Is the Lord’s Prayer Christian?
For years, the Sussex County (Delaware) Council has opened its public meetings with a Council member reciting the Lord’s Prayer. Beginning in June 2008, Americans United asked the Council to stop this practice because the Constitution prohibits legislative prayers used to advance one religion. In June of 2011, AU filed lawsuit; in December, AU moved for a preliminary injunction which asks the trial court to prohibit the Council from opening meetings with sectarian prayers while the case is ongoing.
This is nothing new. We have seen these kinds of cases filed for quite some time. Here’s the quirky part of it: the county’s defense is that the Lord’s Prayer is not Christian “because no Christian tradition existed” when Jesus prayed it. So, we have a group that is opposed to the prayer in a secular setting basing their entire case on it being Christian and a group that is in favor of the prayer in a secular setting basing their entire case on it having nothing to do with being Christian. All I can say is, Are you kidding me! If it’s not a Christian prayer, then why do we pray it together each Sunday in Christian worship?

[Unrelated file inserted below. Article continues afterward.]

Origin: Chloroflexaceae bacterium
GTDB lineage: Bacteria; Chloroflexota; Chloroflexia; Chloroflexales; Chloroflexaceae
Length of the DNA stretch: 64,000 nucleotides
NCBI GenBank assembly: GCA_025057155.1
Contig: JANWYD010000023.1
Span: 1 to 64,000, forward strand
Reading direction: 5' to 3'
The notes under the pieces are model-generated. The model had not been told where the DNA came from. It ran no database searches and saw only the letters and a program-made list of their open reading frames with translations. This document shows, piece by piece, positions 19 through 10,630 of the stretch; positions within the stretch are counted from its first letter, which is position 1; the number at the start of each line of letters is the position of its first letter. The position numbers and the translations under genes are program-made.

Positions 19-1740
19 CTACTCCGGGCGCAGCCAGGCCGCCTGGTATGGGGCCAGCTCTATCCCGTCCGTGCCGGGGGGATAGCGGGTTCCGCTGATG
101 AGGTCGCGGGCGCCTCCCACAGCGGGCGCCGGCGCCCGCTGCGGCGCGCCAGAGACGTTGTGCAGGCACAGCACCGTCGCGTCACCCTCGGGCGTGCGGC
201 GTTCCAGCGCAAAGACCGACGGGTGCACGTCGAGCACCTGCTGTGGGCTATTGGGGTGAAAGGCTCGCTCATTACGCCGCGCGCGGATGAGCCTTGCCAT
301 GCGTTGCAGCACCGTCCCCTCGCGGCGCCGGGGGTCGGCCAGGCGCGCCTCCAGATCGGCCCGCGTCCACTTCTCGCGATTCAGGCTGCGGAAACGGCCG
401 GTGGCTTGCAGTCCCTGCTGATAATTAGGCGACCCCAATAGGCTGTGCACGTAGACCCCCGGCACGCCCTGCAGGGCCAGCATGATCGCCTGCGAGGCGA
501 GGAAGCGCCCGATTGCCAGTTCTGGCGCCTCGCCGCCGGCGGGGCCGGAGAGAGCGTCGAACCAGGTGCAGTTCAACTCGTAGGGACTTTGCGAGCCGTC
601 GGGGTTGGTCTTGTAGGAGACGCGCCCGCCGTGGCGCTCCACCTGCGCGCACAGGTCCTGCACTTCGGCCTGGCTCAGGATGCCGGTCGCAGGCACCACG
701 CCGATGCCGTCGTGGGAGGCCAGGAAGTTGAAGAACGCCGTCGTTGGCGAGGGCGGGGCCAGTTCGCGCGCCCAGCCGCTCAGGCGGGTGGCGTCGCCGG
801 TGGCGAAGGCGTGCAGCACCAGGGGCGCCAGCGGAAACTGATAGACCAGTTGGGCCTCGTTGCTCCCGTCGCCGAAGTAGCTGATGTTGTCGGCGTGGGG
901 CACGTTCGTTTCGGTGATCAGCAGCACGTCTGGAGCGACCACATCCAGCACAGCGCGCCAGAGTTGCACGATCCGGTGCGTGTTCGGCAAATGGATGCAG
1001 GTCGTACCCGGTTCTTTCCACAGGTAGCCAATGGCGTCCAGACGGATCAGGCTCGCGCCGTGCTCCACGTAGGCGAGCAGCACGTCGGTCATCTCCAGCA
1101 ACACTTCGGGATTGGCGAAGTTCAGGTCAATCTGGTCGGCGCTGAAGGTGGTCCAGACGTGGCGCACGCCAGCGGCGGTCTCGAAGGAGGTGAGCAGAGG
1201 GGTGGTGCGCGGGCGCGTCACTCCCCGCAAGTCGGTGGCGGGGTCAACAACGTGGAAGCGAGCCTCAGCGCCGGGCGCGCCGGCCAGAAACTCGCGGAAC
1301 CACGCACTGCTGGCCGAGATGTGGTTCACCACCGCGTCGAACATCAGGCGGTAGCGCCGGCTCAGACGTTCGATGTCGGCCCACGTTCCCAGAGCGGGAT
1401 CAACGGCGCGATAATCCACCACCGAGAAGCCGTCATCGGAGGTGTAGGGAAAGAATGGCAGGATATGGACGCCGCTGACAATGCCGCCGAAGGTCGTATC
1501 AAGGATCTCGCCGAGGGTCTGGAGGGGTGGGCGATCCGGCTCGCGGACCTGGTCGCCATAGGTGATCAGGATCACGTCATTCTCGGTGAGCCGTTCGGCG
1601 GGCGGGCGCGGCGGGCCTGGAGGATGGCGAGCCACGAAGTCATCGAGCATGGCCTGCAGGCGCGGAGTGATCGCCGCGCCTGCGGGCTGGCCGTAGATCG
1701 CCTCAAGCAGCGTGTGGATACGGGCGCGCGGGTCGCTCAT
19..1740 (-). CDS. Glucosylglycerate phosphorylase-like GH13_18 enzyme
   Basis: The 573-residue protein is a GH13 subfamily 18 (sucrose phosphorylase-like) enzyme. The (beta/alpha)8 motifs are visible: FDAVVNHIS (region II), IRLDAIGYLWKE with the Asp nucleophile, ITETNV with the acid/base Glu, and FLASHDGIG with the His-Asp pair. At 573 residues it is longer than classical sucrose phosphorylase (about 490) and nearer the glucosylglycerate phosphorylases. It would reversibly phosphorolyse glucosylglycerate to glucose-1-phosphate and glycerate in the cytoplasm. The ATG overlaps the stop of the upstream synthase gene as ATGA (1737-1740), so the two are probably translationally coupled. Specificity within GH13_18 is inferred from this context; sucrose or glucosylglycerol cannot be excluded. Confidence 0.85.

This is another example in which the struggle for religious liberty has become more important than the truth. This is a case in which holding on to our rights has trumped embracing one of the most visible expressions of Christian faith. This is another example in which followers of Jesus have come to believe that the end justifies the means.
Can God be pleased when we undermine a key teaching of Jesus in order to expose people to Jesus? What kind of Christian witness are we presenting when we are willing to deny a significant practice of historic and universal Christianity in order to get what we want? At what point does our quest to preserve our rights undermine our ability to represent Christ? Which would be worse: to lose some of our rights but maintain our Christian integrity or to maintain our rights and lose our Christian integrity? It seems to me that Good Friday makes a complicated issue far less complicated.